• Emily Wallis

My Sister Can’t Verbally Communicate, but Her Eyes Tell a Story

This blog was written by Emily Wallis on Sanfilippo News. She has written many blogs about her experience as a Sanfilippo sibling and I would encourage you to read more.


The photo below is one of my favorites of my sister and me. It was taken at my grandparents’ house several years ago, and it often brings me comfort because you can clearly see the love between us. Sanfilippo syndrome takes a lot of things away from our relationship, but this picture reminds me that love isn’t one of them.



My sister, Abby, 25, has Sanfilippo syndrome. It is a rare, terminal disease that currently has no cure. One thing this disease has taken from Abby is her speech. She still says words, but they don’t hold very much meaning.


I had a hard time coming to terms with Abby’s speech loss. After I got my driver’s license, I would drive the two of us to high school every morning during my senior year. I remember going to Starbucks or Sonic and driving around in the car before heading home for the evening.


Even when our relationship was difficult, we still made each other laugh or talked about our day. Our conversations reassured me that we had a strong relationship, regardless of any obstacles — particularly the guilt that I’ve discussed in previous columns.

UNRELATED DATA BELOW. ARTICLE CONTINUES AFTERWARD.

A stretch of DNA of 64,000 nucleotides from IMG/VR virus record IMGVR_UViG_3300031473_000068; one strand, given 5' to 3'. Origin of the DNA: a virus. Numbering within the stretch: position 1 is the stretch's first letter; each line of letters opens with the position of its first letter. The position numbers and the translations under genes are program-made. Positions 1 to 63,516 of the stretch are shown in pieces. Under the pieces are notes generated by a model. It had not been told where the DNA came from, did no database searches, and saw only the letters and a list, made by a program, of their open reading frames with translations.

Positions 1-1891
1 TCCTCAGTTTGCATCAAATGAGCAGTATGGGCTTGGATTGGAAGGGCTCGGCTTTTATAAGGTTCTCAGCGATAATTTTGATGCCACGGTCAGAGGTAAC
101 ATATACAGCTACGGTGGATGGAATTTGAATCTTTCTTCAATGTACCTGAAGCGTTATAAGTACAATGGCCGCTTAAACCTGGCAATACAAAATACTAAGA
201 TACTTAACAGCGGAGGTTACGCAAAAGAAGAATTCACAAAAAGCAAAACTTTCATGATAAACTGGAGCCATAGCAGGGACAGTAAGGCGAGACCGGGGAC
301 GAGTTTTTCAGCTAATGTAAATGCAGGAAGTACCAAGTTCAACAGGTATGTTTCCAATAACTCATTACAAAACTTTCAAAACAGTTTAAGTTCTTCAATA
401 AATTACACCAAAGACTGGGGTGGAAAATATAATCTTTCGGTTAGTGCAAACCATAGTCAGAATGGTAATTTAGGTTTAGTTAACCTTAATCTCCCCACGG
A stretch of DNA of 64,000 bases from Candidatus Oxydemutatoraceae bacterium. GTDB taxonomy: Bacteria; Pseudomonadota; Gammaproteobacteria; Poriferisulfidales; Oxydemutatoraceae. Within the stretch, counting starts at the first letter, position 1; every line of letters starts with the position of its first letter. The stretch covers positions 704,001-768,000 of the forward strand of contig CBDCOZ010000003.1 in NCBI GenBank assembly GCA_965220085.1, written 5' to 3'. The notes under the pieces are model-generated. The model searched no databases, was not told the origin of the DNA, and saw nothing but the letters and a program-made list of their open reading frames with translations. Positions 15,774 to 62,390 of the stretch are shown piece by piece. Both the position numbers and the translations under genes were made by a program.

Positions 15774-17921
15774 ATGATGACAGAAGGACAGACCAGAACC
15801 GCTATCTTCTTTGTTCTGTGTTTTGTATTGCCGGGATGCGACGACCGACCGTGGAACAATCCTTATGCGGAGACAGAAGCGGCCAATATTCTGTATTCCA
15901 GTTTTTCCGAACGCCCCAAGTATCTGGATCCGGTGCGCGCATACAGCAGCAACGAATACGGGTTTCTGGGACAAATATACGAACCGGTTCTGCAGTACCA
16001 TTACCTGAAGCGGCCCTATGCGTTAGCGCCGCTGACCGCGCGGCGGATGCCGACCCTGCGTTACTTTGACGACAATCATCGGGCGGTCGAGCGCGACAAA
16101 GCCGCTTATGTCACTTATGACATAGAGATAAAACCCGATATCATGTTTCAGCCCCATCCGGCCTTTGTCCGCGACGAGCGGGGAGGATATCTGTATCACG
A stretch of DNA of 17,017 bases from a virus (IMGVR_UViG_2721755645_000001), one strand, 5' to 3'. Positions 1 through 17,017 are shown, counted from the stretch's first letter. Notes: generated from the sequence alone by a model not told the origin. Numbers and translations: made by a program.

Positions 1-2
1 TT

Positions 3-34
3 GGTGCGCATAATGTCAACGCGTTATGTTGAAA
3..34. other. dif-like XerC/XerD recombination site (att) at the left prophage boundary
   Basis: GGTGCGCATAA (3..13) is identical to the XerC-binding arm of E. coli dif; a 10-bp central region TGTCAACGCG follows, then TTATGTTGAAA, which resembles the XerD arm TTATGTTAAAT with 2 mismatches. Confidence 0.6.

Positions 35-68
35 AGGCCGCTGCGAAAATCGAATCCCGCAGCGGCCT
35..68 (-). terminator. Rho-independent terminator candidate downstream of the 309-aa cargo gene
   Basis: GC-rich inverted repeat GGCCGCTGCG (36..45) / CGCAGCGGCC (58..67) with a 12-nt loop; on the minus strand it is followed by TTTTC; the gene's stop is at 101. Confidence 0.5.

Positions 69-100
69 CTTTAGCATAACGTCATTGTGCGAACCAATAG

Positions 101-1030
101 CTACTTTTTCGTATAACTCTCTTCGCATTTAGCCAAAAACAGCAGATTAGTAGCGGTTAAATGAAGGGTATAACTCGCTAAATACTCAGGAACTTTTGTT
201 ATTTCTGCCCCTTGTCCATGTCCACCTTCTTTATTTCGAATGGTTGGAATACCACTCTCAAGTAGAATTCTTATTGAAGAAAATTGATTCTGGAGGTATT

Once Abby lost her speech, I had to grieve this part of our relationship. It became much harder to accept that I am a good sister and give Abby enough of the love that she deserves. That’s why photos like this one bring me such comfort.


Abby says a lot with her eyes. When she looks at me, it feels as though she’s talking to me. It brings me back to those high school memories, pre-Sanfilippo. It provides me with an indescribable feeling of comfort and relief, as if she’s telling me to stop worrying about being the best sister.


We get a glimpse of those eyes in this photo. I was probably joking around with her or saying something I knew would make her laugh, and someone snapped the picture at the perfect moment. When I look at her eyes, I see the relationship that I’ve always aspired to have with Abby. I see pure joy.


Although Sanfilippo has taken Abby’s ability to tell me things in words, pictures like this remind me that any negative feelings — such as guilt or frustration — have no weight on our relationship. It is wonderfully unique, and her eyes say it all.

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